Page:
Most cases of diabetes diagnosed 'by accident'Public unaware of early signs
Over half (56%) of people diagnosed with Type 2 diabetes last year had no idea they had the condition, according to a report released today by charity Diabetes UK.
If diagnosed late, Type 2 diabetes puts people at risk of developing serious complications such as stroke, heart disease, blindness, kidney disease and amputation.
However, the majority of people with diabetes are diagnosed "by accident," while being treated for another another medical condition or undergoing routine tests as most are unaware of the early signs of the condition.
Currently, more than 2 million people have diabetes in the UK, and an estimated 500,000 are thought to have the disease but don't know it.
The number of people with diabetes is growing rapidly, mostly due to our increasingly unhealthy diets and sedentary lifestyle. If current trends continue, around four million people may be living with diabetes in the UK by 2025.
Douglas Smallwood, Chief Executive of Diabetes UK, said: “We need to make sure that people are aware of the risk factors and symptoms of Type 2 diabetes and we need to encourage them to ask for a diabetes test if they are at risk of developing the condition.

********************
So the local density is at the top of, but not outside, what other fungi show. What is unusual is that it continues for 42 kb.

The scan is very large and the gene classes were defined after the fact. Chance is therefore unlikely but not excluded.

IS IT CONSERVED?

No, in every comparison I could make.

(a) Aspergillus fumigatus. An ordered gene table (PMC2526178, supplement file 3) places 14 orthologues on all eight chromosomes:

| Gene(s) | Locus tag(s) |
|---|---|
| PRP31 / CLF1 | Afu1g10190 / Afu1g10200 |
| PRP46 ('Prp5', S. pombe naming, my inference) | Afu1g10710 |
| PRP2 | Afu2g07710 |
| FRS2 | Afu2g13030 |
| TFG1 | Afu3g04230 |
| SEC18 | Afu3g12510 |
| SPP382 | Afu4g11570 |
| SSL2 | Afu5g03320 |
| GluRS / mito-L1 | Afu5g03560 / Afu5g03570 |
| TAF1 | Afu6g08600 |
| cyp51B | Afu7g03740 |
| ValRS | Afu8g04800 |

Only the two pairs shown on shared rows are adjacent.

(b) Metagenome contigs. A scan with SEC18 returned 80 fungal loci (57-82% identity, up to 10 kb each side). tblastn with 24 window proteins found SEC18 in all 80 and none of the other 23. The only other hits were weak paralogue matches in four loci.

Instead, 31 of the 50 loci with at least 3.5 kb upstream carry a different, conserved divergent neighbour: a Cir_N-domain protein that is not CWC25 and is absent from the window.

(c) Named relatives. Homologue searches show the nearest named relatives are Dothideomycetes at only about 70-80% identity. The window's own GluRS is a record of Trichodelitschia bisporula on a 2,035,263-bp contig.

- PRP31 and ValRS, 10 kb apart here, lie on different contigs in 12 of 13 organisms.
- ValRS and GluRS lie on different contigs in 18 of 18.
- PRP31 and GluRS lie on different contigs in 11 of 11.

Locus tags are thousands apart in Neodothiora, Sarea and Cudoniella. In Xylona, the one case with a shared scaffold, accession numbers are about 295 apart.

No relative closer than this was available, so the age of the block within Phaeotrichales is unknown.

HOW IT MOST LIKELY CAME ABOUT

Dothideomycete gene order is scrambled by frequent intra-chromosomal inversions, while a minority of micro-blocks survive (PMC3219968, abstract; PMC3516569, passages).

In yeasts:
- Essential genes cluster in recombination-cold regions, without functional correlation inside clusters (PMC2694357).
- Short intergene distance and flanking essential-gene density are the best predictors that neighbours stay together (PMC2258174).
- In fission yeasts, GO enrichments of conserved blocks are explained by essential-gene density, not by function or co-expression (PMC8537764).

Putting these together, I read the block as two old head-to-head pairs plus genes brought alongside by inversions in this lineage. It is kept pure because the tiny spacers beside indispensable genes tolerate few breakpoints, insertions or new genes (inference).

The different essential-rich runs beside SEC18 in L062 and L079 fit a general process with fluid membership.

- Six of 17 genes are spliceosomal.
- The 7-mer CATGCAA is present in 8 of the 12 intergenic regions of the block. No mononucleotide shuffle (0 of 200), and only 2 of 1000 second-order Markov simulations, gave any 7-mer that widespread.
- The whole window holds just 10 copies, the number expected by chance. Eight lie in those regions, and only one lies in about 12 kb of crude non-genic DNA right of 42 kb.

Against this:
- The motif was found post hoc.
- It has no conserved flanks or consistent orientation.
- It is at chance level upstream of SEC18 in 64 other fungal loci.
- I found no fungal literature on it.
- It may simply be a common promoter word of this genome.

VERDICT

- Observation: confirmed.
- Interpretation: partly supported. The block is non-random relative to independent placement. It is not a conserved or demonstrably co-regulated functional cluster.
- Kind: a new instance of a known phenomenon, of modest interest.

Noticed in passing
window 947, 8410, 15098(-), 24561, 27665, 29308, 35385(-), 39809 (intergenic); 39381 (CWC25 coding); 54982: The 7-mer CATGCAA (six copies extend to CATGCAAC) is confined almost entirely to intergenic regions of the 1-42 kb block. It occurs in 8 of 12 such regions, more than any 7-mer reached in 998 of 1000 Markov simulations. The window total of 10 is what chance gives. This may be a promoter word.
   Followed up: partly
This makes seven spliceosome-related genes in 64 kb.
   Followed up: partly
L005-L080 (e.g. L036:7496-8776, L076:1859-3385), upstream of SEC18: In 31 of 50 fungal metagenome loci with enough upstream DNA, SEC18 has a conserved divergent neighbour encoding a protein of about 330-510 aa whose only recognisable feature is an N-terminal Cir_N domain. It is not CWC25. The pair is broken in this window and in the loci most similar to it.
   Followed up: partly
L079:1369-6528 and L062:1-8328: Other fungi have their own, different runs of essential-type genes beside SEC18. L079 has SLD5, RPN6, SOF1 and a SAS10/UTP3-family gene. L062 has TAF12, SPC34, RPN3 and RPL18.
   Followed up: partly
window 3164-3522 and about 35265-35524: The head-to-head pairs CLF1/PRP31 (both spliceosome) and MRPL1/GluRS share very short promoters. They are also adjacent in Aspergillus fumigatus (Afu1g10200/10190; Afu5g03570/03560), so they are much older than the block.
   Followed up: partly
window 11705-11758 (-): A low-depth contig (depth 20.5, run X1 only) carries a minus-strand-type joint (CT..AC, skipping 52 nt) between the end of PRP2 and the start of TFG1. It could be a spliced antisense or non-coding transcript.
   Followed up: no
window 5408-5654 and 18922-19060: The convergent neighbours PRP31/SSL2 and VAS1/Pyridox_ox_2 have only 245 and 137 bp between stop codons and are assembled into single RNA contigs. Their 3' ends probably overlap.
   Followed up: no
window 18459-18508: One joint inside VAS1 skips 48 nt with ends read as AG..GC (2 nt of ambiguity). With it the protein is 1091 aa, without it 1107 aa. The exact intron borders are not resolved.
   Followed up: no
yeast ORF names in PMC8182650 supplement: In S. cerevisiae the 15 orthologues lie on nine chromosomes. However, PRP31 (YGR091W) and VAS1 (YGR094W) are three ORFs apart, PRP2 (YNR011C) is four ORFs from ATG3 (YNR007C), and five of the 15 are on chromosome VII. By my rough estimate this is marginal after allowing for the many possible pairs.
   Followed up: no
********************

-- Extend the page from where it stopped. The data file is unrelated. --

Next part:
“Diabetes awareness is key if we want to prevent people from facing a future of ill health: being diagnosed early means that you are less likely to develop the serious complications of diabetes."
Diabetes warning signs
- Using the loo (for a wee) all the time, especially at night
- Increased thirst
- Extreme tiredness
- Unexplained weight loss
- Genital itching or regular episodes of thrush
- Slow healing of cuts and wounds
- Blurred vision
Risk factors for developing Type 2 diabetes include being overweight, being over 40 (or over 25 in Black and South Asian people) and having a close relative with diabetes.
This article was published on Mon 18 January 2010
Image © Phototom - Fotolia.com
Use this story
Link to this page
Printer friendly version